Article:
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Study says backyard gardens not as green as they appear

New research looks at carbon footprint of urban agriculture and found it takes work to make them environmentally-friendly.
GREEN THUMB? — A new study in Nature Cities suggests community gardens may be worse for the climate than conventional farms unless they are built with reclaimed materials. FILE PHOTO/St. Albert Gazette

How Now Green Cow
How Now Green Cow is examining how global heating how our dinners are shaping, and are being shaped by, the climate crisis. Got a food and climate question? Send it to [email protected] so it can be addressed in a future column.


Backyard gardens produce six times more carbon per pound of produce than regular farms, a new study suggests, and may be worse for the climate unless designed with care.

University of Michigan PhD candidate Jason Hawes and his team published a study on Jan. 22 in Nature Cities comparing the carbon footprints of urban and conventional agriculture.

Farms account for about 8.1 per cent of Canada’s heat-trapping pollution, Environment Canada reports. Urban agriculture is often cited as a way to reduce this pollution and adapt to global heating by reducing reliance on food imports and the use of energy-intensive synthetic chemicals.

There’s not a lot of evidence to support those claims, though, as no one has actually done a comprehensive life-cycle analysis of the low-tech, outdoor gardens associated with urban agriculture, Hawes said. His team set out to fill this gap to see if urban ag actually was better for the planet.

Urban disadvantage

Hawes and his team studied 73 backyard plots, community gardens, and urban farms in France, Germany, Poland, the U.K., and the U.S. The team worked with gardeners to add up all the resources used to make and run each site, then compared that to the amount of produce produced to calculate the carbon intensity of urban agriculture.

The team found food produced by urban agriculture had six times the carbon footprint of food from regular farms, averaging 420 grams of heat-trapping pollution per serving compared to about 70 g/serving for regular.

“Six times the impact is certainly not, I think, ideal,” Hawes said, and not competitive with conventional agriculture.

The urban agriculture sites were better than traditional ones in terms of synthetic nutrients, using about 95 per cent less overall, Hawes said. Where they stumbled was infrastructure, which accounted for about 63 per cent of their carbon footprint.

“People aren’t always thinking of the carbon footprint of that one raised bed they built,” Hawes said, but if you’ve made it out of fresh cedar, like he did in his yard, that footprint can be pretty big.

And it gets bigger because of land-use changes, Hawes said. Most urban agriculture sites are considered short-term operations that get torn down long before their beds and sheds rot, which concentrates the carbon footprint of those structures into fewer harvests. Rural farms, in contrast, stay in operation for generations, spreading their greenhouse gas emissions over more food. Rural farms also have better economies of scale — a big field with one tractor produces more food than many tiny gardens, each with their own sets of gardening tools.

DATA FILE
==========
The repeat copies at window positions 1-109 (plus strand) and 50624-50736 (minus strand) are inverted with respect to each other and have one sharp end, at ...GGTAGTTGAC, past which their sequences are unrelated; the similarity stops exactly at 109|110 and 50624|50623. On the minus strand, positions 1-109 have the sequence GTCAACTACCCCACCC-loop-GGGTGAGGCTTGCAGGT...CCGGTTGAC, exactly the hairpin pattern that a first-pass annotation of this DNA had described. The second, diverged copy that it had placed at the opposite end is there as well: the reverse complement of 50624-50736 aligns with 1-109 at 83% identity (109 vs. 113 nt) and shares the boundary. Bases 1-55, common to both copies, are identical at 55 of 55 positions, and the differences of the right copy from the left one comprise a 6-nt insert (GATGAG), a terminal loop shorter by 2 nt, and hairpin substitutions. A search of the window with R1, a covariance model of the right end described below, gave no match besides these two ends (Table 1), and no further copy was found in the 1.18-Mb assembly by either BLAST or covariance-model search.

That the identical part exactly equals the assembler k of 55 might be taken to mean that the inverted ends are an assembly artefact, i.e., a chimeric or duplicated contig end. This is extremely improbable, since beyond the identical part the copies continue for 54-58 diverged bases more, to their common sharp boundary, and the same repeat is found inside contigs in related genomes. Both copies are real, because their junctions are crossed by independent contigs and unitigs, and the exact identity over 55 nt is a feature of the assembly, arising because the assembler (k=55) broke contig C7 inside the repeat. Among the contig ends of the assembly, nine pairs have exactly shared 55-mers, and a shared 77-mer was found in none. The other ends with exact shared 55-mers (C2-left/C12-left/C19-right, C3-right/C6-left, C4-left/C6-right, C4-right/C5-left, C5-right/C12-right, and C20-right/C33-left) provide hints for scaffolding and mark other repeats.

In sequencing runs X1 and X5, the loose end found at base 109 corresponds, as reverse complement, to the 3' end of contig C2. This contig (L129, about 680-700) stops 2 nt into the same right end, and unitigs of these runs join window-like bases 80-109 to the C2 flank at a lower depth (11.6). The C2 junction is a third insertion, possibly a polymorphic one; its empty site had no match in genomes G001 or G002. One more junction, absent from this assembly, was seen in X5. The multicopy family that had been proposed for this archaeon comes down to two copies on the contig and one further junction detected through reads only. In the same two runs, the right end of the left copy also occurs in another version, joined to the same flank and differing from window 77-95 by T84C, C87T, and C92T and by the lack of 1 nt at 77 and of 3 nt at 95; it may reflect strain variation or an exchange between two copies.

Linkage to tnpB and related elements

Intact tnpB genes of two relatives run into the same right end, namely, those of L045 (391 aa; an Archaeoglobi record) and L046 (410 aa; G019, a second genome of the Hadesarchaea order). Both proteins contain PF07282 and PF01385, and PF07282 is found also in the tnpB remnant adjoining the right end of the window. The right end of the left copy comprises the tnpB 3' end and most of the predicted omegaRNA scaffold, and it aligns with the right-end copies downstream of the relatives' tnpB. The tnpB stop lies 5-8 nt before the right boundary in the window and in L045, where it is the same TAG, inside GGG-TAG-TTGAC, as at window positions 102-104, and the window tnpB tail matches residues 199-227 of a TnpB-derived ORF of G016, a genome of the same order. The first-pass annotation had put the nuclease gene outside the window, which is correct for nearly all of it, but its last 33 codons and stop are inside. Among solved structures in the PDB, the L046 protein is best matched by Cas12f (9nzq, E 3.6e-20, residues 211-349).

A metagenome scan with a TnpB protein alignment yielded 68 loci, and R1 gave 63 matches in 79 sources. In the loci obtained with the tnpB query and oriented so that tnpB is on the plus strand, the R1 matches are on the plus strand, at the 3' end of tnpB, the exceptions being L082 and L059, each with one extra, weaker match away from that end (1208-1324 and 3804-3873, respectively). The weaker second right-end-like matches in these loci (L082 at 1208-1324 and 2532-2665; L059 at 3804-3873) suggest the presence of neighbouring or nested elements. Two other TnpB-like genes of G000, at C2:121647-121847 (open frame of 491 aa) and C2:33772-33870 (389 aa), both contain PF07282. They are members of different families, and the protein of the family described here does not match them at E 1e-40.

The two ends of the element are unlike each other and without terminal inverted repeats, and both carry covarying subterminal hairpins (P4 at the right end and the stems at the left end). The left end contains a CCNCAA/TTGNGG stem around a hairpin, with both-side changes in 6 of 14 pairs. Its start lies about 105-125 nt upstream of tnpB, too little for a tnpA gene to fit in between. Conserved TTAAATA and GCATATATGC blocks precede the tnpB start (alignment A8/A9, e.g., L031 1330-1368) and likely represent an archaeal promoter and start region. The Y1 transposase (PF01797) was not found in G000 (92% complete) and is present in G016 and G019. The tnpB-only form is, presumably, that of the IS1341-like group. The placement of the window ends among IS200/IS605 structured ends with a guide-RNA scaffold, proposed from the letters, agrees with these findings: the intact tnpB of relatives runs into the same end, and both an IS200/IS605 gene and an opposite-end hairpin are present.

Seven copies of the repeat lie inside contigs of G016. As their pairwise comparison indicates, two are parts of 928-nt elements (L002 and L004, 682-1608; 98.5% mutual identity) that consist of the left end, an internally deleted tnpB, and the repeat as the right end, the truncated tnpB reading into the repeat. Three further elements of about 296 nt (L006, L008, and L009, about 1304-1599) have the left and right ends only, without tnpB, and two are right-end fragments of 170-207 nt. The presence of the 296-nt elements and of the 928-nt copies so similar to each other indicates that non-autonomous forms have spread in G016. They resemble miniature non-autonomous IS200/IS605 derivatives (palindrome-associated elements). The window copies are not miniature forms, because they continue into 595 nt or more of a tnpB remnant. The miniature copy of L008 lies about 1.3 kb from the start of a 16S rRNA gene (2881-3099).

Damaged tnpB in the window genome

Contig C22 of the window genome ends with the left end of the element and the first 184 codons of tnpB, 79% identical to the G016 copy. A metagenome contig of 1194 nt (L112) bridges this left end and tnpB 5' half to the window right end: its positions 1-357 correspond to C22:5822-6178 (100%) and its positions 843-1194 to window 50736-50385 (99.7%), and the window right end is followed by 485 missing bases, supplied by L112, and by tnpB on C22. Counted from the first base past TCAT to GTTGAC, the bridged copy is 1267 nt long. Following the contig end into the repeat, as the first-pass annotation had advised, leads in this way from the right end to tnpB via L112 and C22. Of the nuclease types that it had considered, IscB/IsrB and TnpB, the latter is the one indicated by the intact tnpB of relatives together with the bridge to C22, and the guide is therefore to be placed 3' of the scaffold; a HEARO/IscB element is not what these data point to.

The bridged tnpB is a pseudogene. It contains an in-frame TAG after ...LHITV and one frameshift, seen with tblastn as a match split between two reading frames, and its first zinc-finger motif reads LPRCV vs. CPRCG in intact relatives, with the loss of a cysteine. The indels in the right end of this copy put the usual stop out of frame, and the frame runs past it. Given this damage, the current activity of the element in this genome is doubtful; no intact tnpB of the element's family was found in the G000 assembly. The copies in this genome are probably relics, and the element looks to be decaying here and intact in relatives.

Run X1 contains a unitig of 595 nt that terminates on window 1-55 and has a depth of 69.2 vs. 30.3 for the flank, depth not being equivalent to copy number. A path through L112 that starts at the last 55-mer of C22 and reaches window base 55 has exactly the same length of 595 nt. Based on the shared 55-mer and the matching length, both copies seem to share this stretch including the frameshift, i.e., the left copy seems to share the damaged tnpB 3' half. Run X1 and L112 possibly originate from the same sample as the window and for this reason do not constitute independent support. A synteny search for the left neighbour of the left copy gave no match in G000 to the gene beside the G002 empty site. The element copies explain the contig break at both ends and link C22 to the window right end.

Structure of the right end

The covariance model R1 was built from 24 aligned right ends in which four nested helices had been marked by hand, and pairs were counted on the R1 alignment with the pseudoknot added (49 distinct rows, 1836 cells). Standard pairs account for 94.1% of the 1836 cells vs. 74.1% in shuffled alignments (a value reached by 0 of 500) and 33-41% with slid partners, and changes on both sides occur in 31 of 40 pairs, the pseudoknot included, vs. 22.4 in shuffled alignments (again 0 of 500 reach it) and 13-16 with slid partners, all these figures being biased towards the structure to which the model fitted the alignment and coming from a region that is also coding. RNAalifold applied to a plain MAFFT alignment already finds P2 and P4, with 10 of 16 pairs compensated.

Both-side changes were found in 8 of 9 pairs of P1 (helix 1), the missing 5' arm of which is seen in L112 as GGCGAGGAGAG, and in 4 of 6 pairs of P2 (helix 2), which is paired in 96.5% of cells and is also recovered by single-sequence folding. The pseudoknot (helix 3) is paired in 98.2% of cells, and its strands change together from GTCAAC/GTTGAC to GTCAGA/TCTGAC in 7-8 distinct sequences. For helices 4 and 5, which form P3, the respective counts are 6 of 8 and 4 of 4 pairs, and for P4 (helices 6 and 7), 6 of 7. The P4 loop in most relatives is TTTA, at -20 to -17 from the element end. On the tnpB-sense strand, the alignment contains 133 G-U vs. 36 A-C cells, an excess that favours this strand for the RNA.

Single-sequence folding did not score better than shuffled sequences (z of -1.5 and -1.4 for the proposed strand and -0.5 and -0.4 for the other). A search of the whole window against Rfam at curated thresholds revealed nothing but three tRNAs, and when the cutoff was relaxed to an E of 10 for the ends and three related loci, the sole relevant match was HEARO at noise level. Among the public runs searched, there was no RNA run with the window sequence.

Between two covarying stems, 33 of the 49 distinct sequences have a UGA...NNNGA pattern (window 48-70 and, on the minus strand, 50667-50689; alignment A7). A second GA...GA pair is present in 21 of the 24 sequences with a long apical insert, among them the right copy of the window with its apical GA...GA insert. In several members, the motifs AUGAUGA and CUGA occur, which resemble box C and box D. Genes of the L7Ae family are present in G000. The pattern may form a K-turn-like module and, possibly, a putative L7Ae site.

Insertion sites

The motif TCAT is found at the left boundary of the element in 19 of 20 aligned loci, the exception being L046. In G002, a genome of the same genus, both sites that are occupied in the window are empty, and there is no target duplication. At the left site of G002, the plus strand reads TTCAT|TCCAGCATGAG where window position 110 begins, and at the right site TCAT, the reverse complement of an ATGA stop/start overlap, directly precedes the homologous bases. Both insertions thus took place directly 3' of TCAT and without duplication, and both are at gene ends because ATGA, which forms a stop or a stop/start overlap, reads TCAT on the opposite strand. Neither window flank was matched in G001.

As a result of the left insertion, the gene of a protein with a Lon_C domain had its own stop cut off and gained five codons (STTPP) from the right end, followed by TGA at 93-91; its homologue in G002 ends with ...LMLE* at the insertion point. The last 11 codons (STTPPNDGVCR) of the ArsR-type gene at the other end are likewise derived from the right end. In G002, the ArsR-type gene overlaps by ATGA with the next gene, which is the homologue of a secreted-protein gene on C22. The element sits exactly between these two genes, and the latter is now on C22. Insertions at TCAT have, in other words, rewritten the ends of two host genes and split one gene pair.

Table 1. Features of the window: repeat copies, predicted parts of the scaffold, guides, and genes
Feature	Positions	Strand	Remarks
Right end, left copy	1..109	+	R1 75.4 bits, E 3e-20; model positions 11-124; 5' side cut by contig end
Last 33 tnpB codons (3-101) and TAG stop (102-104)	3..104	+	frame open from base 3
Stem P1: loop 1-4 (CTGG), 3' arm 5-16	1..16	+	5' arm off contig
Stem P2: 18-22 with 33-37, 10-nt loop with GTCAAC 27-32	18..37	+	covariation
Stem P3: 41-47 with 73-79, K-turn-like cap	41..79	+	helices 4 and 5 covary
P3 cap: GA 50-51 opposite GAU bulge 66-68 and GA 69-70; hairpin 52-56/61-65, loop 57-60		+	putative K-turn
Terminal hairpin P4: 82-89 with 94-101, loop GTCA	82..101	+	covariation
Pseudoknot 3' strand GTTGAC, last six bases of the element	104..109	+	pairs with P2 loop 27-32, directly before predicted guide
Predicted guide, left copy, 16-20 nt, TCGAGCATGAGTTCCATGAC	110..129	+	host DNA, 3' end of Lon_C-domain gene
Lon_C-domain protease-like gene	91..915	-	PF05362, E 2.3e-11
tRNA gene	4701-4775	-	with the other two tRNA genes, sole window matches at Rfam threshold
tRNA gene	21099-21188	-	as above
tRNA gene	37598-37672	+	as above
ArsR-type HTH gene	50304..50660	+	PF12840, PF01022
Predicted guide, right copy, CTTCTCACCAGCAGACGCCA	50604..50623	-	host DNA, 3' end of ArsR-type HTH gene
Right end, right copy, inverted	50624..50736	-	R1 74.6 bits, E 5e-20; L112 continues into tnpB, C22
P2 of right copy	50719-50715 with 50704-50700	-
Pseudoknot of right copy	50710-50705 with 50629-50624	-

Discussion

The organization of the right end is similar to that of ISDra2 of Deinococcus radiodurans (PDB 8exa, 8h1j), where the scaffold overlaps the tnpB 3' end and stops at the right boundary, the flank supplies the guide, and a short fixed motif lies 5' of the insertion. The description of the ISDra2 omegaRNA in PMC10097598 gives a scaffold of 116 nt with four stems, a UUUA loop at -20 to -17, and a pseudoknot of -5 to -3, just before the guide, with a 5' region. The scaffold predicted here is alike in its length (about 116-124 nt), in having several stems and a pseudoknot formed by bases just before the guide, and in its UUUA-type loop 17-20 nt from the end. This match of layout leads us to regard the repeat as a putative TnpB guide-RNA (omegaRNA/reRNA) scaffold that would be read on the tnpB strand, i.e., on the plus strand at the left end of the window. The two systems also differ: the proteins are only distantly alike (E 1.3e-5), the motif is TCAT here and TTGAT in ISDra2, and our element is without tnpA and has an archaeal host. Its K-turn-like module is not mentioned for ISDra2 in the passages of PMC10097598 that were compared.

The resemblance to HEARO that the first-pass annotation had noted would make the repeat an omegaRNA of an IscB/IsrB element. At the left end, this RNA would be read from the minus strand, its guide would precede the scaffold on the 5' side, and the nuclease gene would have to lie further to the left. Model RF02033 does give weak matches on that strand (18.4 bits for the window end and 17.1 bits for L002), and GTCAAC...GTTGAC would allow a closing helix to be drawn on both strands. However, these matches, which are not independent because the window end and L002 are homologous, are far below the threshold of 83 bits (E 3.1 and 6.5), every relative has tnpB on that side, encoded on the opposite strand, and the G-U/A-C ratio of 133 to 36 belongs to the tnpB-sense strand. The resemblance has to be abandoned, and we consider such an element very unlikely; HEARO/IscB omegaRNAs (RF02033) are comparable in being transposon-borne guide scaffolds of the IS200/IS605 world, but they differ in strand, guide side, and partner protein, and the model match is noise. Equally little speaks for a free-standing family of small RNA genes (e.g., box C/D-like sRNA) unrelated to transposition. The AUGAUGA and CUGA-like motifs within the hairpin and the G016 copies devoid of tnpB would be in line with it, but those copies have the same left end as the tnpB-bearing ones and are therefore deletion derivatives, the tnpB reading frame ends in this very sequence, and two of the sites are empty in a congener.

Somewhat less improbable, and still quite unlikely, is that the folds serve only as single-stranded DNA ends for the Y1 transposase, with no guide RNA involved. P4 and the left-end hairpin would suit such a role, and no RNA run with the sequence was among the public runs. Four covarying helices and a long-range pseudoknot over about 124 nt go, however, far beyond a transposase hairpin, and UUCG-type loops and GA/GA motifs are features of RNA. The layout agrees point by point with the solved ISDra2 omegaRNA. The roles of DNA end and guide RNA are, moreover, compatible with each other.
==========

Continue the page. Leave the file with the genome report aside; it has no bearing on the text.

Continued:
Urban solutions

Since urban agriculture is on the rise and seen as a way to address global heating, Hawes and his team examined the lowest-carbon sites in their study to find out how to make city farming climate-friendly.

The team found the sites they studied would have been carbon-competitive with regular farms had they been built entirely from waste or upcycled materials. Using compost and rainwater recycling had similar benefits. The team called on cities to subsidize rainwater collection, provide compost training, and work with the building sector to make construction waste easily available. Cities should also change land-use bylaws to ensure urban farms and gardens can stay active for the full life of their infrastructure.

The team found urban and conventional agriculture had similar carbon footprints for crops typically grown in energy-intensive ways, such as tomatoes (heated greenhouses) and asparagus (air freight). Focusing on these crops could further shrink the carbon footprints of backyard gardening.

In an email, Aida Mustapic of the St. Albert Backyard Gardening Facebook group noted the majority of the emissions found at urban agriculture sites in this study came from building materials and not actual food production. Most St. Albert gardeners minimize these emissions by using upcycled bricks, reused pallets, and other waste materials to build the cheapest, most durable gardens possible.

“There are so many other great benefits of urban agriculture besides the obvious carbon footprint reduction,” she said, including food security, community building, and healthier food.

“Urban agriculture offers a very sustainable option with a number of incredible benefits for the community and environment that come from it and are very hard to beat.”

Hawes’s study can be found at

Kevin Ma

About the Author: Kevin Ma

Kevin Ma joined the St. Albert Gazette in 2006. He writes about Sturgeon County, education, the environment, agriculture, science and aboriginal affairs. He also contributes features, photographs and video.
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